The quake measured a preliminary 6.9 magnitude and was centered at a depth of 10km (six miles) approximately 178km north-east of the city of Gisborne, the US Geological Survey said. Residents of Gisborne reported light to moderate shaking, it said.

There were no immediate reports of serious damage or casualties, but the New Zealand National Emergency Management Agency warned people who had felt a powerful tremor to move to higher ground, writing in a tweet:

Comment:

UPDATE 2100 CET

An other, even bigger, quake has struck off NZ. This one has been recorded at 8.0M, and thankfully it struck much further to the north, near the Kermadec Islands. Tsunami warnings have sounded across North Island's northern coastline.

Last month, Fukushima, Japan, felt its strongest quake since the March 2011 disaster. In September 2017, Mexico City felt its strongest since the horrendous 1985 quake struck there - on the same day, 32 years earlier.

Now, we're not saying that anthropocentric dating is the key factor here, but these recent examples of 'resonating dates' do suggest some kind of role for mass consciousness in natural, otherwise 'random' events.

Human-cosmic connection, anyone? Is some 'mass mind effect' involved (sometimes) in the timing/release of certain planetary/cosmic energies?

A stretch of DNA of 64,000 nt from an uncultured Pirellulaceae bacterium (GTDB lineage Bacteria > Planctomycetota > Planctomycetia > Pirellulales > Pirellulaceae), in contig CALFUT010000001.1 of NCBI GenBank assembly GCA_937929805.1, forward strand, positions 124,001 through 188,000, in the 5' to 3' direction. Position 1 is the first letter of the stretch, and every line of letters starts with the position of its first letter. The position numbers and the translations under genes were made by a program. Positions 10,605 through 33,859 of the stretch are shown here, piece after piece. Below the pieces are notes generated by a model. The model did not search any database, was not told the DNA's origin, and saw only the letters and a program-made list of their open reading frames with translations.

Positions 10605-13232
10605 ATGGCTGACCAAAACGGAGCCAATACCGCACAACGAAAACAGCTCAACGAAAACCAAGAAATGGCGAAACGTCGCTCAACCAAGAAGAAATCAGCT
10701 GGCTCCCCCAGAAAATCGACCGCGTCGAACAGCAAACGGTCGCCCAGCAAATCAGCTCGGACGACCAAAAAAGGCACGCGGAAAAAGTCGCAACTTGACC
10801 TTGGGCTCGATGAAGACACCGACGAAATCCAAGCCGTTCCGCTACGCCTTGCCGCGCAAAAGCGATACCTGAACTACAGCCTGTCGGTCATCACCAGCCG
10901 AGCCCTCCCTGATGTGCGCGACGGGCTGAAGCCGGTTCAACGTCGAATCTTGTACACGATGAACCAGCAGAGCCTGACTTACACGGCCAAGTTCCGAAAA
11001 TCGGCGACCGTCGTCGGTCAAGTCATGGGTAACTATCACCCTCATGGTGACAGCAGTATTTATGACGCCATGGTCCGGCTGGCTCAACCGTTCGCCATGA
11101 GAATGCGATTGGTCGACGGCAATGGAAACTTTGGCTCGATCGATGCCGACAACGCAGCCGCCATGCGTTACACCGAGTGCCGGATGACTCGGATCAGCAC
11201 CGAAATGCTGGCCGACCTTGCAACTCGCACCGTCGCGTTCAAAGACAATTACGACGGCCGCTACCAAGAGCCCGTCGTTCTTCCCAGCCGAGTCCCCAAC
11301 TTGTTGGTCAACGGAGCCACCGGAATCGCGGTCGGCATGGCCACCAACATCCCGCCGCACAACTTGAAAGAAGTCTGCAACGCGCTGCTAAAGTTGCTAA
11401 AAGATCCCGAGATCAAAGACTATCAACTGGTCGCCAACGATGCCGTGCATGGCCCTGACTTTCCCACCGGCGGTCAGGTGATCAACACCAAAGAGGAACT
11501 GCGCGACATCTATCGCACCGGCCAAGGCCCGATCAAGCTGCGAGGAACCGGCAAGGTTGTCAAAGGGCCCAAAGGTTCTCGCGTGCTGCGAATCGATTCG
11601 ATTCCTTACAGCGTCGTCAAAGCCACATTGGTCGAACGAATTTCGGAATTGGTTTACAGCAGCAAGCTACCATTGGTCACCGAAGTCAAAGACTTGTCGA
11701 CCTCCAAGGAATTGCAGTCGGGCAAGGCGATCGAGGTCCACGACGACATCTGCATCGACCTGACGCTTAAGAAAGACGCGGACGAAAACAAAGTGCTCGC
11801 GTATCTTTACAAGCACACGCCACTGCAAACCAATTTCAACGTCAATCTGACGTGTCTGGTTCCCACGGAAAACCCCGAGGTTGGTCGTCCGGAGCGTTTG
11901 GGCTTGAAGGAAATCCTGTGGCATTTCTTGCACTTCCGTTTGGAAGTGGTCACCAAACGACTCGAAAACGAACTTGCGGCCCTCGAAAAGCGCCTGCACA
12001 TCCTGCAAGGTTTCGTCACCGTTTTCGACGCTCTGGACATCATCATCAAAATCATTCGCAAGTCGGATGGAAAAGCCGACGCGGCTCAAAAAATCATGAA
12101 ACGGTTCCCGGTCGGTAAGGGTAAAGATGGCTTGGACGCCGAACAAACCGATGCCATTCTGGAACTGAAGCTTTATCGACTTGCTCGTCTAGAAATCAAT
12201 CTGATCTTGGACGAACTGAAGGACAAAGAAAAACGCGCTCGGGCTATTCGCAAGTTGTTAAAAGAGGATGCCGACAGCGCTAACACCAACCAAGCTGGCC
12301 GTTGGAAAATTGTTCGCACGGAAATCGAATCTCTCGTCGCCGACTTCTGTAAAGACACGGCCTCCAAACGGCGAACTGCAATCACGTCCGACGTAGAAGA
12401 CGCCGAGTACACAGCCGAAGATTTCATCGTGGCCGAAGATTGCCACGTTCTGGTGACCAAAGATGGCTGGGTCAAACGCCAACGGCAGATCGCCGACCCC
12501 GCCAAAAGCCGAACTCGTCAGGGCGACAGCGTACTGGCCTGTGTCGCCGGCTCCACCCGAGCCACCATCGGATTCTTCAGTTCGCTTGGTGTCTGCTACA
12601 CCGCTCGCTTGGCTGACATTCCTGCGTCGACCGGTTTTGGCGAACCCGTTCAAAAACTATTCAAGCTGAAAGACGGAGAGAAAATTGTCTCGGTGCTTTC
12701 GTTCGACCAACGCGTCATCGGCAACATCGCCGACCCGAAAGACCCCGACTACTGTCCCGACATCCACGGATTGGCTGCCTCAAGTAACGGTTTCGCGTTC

UPDATE 6 March 2021

A second strong quake has struck off New Zealand's northeast, this one a 6.1 magnitude earthquake, 140km east of Te Araroa, off the North Island, at a depth of 33km at around 1.14pm on Saturday.


Attention

Environmental disasters across globe in February 2021

earth
At least 51 people killed when glacier breaks in northern India, Europe's tallest active volcano Mt. Etna erupts

February saw a host of environmental disasters, including floods in Turkey and Japan, a powerful volcanic eruption in Italy's Mt. Etna, and heavy monsoon rains in Indonesia.

Here is a timeline compiled by Anadolu Agency.

Feb. 1:

- The US northeast is in the midst of a massive snow storm with some areas expected to receive up to 2 feet of snow.

Feb. 2:

- Heavy rainfall in western Turkey floods some parts of Izmir province, leaving two dead.

Attention

Scientists in Iceland say 'strong signs' volcanic eruption is imminent

Mount Keilir, Iceland
© Promote Iceland
Mount Keilir, about 20 miles south of Reykjavik. Scientists said there was no immediate danger to the public.
Scientists in Iceland have said there are now "strong signs" that a volcanic eruption may be under way following several days of near-constant seismic activity near Mount Keilir about 20 miles south of the capital, Reykjavik.

"We are not saying we have signs an eruption has begun," Kristín Jónsdóttir of the Icelandic meteorological office told local media on Wednesday. "But this looks like the type of activity we expect in the run-up to an eruption."

Víðir Reynisson of the island's civil defence force told a mid-afternoon news conference it was "more likely than not" that an eruption - the first in the area since the 12th century - was about to begin, and could happen within the next few hours.

But Víðir said there was "no disaster going on and everyone can get on with their daily lives". There was no immediate danger, he said, although people should avoid travelling to the area on the Reykjanes peninsula.